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See also: sublimé

Contents

EnglishEdit

PronunciationEdit

  • (file)
  • Rhymes: -aɪm

Etymology 1Edit

From Middle English sublimen, borrowed from Old French sublimer, from Latin sublimō (to raise on high; to sublimate (in Medieval Latin)).

VerbEdit

sublime (third-person singular simple present sublimes, present participle subliming, simple past and past participle sublimed)

  1. (chemistry, physics, transitive, intransitive) To sublimate.
  2. (transitive) To raise on high.
    • (Can we date this quote?) E. P. Whipple
      a soul sublimed by an idea above the region of vanity and conceit
  3. (transitive) To exalt; to heighten; to improve; to purify.
    Synonym: sublimate (archaic)
    • (Can we date this quote?) Alexander Pope
      The sun [] / Which not alone the southern wit sublimes, / But ripens spirits in cold, northern climes
  4. (transitive) To dignify; to ennoble.
    • (Can we date this quote?) Jeremy Taylor
      An ordinary gift cannot sublime a person to a supernatural employment.
Related termsEdit
TranslationsEdit

Etymology 2Edit

From Middle French sublime, from Latin sublīmis (high), from sub- (up to, upwards) + a root of uncertain affiliation often identified with Latin līmis, ablative singular of līmus (oblique) or līmen (threshold, entrance, lintel)

AdjectiveEdit

sublime (comparative sublimer, superlative sublimest)

  1. Noble and majestic.
  2. Impressive and awe-inspiring, yet simple.
    sublime scenery
    a sublime deed
    • (Can we date this quote?) Matthew Prior
      Easy in words thy style, in sense sublime.
    • (Can we date this quote?) Henry Wadsworth Longfellow
      Know how sublime a thing it is / To suffer and be strong.
    • 1993, Richard Klein, Cigarettes are sublime, London: Picador, published 1995, →ISBN, page 62:
      Cigarettes are poison and they taste bad; they are not exactly beautiful, they are exactly sublime.
  3. (obsolete) Lifted up; high in place; exalted aloft; uplifted; lofty.
    • (Can we date this quote?) Dryden
      Sublime on these a tower of steel is reared.
  4. (obsolete) Elevated by joy; elated.
    • (Can we date this quote?) John Milton
      Their hearts were jocund and sublime, / Drunk with idolatry, drunk with wine.
  5. Lofty of mien; haughty; proud.
    • (Can we date this quote?) Edmund Spenser
      countenance sublime and insolent
    • (Can we date this quote?) John Milton
      His fair, large front and eye sublime declared / Absolute rule.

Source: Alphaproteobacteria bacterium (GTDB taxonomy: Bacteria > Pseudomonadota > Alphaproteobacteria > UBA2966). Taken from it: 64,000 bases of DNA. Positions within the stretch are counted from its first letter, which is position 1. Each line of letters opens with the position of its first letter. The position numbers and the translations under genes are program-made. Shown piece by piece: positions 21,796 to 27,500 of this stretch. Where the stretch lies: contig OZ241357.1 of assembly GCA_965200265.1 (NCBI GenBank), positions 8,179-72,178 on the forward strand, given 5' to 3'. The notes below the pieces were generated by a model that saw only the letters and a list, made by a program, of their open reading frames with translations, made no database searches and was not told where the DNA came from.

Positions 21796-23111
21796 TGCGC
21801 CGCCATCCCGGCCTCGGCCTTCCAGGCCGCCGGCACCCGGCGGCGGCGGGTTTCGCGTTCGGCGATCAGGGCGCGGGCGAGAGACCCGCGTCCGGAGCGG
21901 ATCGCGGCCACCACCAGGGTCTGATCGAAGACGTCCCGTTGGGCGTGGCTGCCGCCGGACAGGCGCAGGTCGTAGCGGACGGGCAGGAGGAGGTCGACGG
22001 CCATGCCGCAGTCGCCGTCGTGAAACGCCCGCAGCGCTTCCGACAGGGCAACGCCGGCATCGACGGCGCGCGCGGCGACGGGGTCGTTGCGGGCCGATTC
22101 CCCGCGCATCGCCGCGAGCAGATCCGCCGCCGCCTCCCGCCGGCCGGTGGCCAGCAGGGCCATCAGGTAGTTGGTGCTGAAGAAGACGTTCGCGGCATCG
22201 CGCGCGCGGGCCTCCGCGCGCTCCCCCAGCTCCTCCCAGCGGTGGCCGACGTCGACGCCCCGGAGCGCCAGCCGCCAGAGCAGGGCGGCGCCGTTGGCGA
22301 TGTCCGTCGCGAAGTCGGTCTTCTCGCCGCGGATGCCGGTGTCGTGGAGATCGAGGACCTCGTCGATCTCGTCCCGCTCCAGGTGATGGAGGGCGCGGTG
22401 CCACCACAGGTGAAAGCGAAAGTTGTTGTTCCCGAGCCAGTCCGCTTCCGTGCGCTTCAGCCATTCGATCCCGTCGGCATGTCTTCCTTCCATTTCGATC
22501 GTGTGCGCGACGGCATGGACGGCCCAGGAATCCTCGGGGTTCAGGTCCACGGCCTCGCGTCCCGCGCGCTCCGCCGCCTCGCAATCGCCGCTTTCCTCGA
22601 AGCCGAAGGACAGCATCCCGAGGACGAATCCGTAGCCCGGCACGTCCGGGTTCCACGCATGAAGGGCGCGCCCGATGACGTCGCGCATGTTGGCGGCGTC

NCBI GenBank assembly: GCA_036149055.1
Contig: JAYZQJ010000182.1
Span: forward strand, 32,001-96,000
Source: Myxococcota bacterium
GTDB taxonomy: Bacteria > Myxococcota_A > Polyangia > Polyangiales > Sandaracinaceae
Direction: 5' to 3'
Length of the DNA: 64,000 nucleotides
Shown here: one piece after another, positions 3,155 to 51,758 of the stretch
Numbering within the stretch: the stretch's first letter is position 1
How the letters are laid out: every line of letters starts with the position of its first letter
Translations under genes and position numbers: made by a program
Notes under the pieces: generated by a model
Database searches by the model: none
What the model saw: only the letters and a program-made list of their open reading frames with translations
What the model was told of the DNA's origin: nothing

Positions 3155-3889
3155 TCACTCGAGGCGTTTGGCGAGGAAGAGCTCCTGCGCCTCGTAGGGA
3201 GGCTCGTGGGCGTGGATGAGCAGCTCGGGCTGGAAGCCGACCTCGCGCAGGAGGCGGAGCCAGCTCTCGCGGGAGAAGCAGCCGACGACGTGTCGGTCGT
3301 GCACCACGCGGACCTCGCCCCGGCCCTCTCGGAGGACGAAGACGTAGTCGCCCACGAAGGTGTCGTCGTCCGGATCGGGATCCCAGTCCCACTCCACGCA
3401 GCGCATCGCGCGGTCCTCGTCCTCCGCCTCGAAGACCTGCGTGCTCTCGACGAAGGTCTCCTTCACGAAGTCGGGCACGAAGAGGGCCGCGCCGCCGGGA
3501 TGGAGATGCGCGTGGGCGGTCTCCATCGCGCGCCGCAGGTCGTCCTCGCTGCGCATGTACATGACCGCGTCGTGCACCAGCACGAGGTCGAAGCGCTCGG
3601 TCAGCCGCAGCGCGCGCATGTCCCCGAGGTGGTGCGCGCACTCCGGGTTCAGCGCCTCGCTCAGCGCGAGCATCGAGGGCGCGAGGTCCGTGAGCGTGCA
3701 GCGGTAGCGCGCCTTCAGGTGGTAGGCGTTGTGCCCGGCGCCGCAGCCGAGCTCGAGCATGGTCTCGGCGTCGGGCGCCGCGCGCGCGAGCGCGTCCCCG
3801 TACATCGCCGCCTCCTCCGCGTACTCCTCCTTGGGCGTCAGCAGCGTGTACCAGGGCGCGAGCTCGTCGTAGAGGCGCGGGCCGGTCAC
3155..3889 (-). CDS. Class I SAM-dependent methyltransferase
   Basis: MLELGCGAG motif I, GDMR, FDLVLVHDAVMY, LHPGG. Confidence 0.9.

Related termsEdit
TranslationsEdit

NounEdit

sublime (plural sublimes)

  1. Something sublime.
TranslationsEdit

AnagramsEdit


DanishEdit

AdjectiveEdit

sublime

  1. definite of sublim
  2. plural of sublim

FrenchEdit

GermanEdit

AdjectiveEdit

sublime

  1. inflected form of sublim

ItalianEdit

EtymologyEdit

Borrowed from Latin sublimis.

AdjectiveEdit

sublime (masculine and feminine plural sublimi)

  1. sublime

Related termsEdit


LatinEdit

AdjectiveEdit

sublīme

  1. vocative masculine singular of sublīmus

ReferencesEdit

  • sublime in Charlton T. Lewis and Charles Short (1879) A Latin Dictionary, Oxford: Clarendon Press
  • sublime in Charlton T. Lewis (1891) An Elementary Latin Dictionary, New York: Harper & Brothers
  • sublime in Gaffiot, Félix (1934) Dictionnaire Illustré Latin-Français, Hachette
  • Carl Meissner; Henry William Auden (1894) Latin Phrase-Book[1], London: Macmillan and Co.
    • (ambiguous) to fly aloft; to be carried into the sky: sublimem or sublime (not in sublime or sublimiter) ferri, abire

Middle FrenchEdit

EtymologyEdit

Borrowed from Latin sublīmus.

AdjectiveEdit

sublime m or f (plural sublimes)

  1. sublime (noble, majestic, magnificent, etc.)

DescendantsEdit


PortugueseEdit

EtymologyEdit

Borrowed from Latin sublīmis.

PronunciationEdit

AdjectiveEdit

sublime m or f (plural sublimes, comparable)

  1. sublime

NounEdit

sublime m, f (plural sublimes)

  1. sublime

VerbEdit

sublime

  1. First-person singular (eu) present subjunctive of sublimar
  2. Third-person singular (ele, ela, also used with tu and você?) present subjunctive of sublimar
  3. Third-person singular (você) affirmative imperative of sublimar
  4. Third-person singular (você) negative imperative of sublimar

Related termsEdit


SpanishEdit

EtymologyEdit

Borrowed from Latin sublimis.

AdjectiveEdit

sublime (plural sublimes)

  1. sublime

VerbEdit

sublime

  1. Formal second-person singular (usted) imperative form of sublimar.
  2. First-person singular (yo) present subjunctive form of sublimar.
  3. Formal second-person singular (usted) present subjunctive form of sublimar.
  4. Third-person singular (él, ella, also used with usted?) present subjunctive form of sublimar.